• DQM is an evolv­ing layer wherein over a pe­riod of 1-2 years on an av­er­age the frame­work of data qual­ity ma­tures, and this is when ROI of the en­tire data gov­er­nance will sur­face.

CE­MENT THAT BONDS

Jain ex­plains that MDM is the ce­ment that bonds the en­ter­prise wide busi­ness in­tel­li­gence, work­flow and an­a­lyt­i­cal sys­tems to that of the core op­er­a­tional side of the busi­ness sys­tems and pro­cesses. He lists the causes of the 2008 cri­sis as: • Fail­ure of man­age­ments to im­ple­ment a strin­gent data strat­egy or gov­er­nance and lack of hav­ing any feed­back loop to val­i­date the data qual­ity is­sues • Reg­u­la­tors should have en­forced data gov­er­nance on en­ter­prise scale as a man­date as the bank­ing sec­tor was launch­ing very com­plex struc­tured prod­ucts with­out the un­der­ly­ing clean data in place

• Pres­ence of mul­ti­ple ver­sions of truth of cus­tomer data led to sub-stan­dard re­port­ing of fi­nan­cials

Be­sides, reg­u­la­tors could not nail these loop­holes or pit­falls due to lack of strin­gent tools and feed­back mech­a­nism to alert the in­sti­tu­tions.

Jain be­lieves that new age tech­nolo­gies can help al­le­vi­ate the data qual­ity pains. “How­ever, tech­nol­ogy can only do what it has been told to. Hence, a wa­ter­tight data gov­er­nance frame­work will only help Jain dis­cusses the im­pact of not im­ple­ment­ing data gov­er­nance in an or­ga­ni­za­tion:

Data lifecycle has key stages where data col­la­tion-consumption happens and at every stage the er­ror cor­rec­tion cost mul­ti­plies 5-10-fold in terms of cost (num­bers are for a global or­ga­ni­za­tion).

The stage 1 is data cor­rec­tion af­ter ini­tial data in­put. Data gets into the en­ter­prise’s in­ter­nal sys­tems used by the busi­ness com­mu­nity to sup­port busi­ness oper­a­tions. This set of in­gested data with is­sues gets pro­cessed and used in many busi­ness sup­port­ing sys­tems and of­ten used as part of de­ci­sion mak­ing and busi­ness sup­port­ing mod­els and cal­cu­la­tions and across line of busi­nesses.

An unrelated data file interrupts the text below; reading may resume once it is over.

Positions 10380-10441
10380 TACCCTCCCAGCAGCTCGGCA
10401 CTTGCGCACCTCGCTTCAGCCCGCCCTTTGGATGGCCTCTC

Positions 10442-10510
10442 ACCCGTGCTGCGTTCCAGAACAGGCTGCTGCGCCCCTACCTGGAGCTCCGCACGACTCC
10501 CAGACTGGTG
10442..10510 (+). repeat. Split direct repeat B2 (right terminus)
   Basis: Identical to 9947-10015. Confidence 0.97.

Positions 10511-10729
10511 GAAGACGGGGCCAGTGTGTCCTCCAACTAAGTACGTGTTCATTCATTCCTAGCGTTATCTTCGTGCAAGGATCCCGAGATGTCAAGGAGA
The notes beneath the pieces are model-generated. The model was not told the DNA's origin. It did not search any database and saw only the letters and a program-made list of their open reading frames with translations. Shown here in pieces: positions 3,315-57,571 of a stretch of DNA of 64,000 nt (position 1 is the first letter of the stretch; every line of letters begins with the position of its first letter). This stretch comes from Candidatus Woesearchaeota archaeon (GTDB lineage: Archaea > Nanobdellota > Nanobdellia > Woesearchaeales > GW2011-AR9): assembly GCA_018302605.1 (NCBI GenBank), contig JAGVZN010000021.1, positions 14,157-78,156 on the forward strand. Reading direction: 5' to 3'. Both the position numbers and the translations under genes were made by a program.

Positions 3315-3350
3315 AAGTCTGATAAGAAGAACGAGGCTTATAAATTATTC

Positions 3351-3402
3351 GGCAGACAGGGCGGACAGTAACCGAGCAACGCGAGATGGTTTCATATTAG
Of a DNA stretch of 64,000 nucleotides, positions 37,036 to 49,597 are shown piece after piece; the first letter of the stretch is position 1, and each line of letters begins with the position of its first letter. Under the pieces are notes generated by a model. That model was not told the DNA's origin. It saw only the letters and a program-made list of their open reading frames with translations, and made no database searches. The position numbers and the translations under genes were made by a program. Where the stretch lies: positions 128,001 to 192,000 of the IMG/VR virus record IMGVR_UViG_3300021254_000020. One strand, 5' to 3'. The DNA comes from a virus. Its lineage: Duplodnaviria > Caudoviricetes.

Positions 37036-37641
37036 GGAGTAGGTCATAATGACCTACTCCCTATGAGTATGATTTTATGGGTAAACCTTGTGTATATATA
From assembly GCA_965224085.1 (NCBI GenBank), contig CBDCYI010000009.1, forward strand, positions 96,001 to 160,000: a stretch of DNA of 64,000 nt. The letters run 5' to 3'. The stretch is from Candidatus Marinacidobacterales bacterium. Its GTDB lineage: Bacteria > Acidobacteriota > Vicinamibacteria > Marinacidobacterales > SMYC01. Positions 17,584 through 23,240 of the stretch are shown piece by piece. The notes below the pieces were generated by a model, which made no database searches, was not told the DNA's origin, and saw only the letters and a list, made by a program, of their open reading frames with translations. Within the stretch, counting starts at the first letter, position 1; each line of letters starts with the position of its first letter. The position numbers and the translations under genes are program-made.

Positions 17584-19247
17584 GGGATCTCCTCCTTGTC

The stage 3 is where data cor­rec­tion is done af­ter be­ing con­sumed en­ter­prise-wide and pub­lished ex­ter­nally (reg­u­la­tors etc) Data or in­for­ma­tion has hit the stage of no re­turn mean­ing the in­cor­rect data has been used across the en­ter­prise and also pub­lished to ex­ter­nal en­ti­ties.

This leads to se­ri­ous is­sues like in­cor­rect ac­count­ing state­ments, data im­pact­ing rev­enue pre­dic­tions, cost al­lo­ca­tion, etc, and cre­at­ing im­pact on cap­i­tal ad­e­quacy that could end in greater cap­i­tal in­gest.

the or­ga­ni­za­tions achieve near pris­tine data qual­ity. For ex­am­ple, blockchain tech­nol­ogy pos­si­bly can help al­le­vi­ate the doubts of in­sider fudg­ing or false re­port­ing or for that mat­ter, by­pass­ing reg­u­la­tions. MDM on a blockchain can en­sure that the en­tire spec­trum of data qual­ity checks is in place if the data strat­egy, pol­icy, ste­wards, qual­ity frame­work are done with ab­so­lute dili­gence,” says he.

CXO LEVEL IN­TER­VEN­TION

Jain says the fi­nal take-home is that given

the ad­vent of Big Data, fin­tech, blockchain and AI data gov­er­nance and master data man­age­ment should be manda­tory across busi­ness do­mains. He ex­plains: “These have be­come the core build­ing blocks, en­abling an or­ga­ni­za­tion’s pur­suit to in­no­vate, sur­vive and grow. Ul­ti­mately, the suc­cess of the above is solely de­pen­dent on the level of CXO in­volve­ment and com­mit­ment – ei­ther it can lead the or­ga­ni­za­tion to achieve near pris­tine data or end up with a tac­ti­cal silo im­ple­men­ta­tion. Data­dios!!!”

Data is not con­sumed by any ma­jor sys­tems and the cost of the cor­rec­tion is min­i­mal, but the is­sue is iden­ti­fy­ing these er­rors is near im­pos­si­ble with­out data gov­er­nance in place.

The stage 2 is data cor­rec­tion af­ter be­ing con­sumed by sys­tems.

Satish Jain avers suc­cess of Master Data Man­age­ment goes hand in hand with a well-de­fined data gov­er­nance prac­tice im­ple­men­ta­tion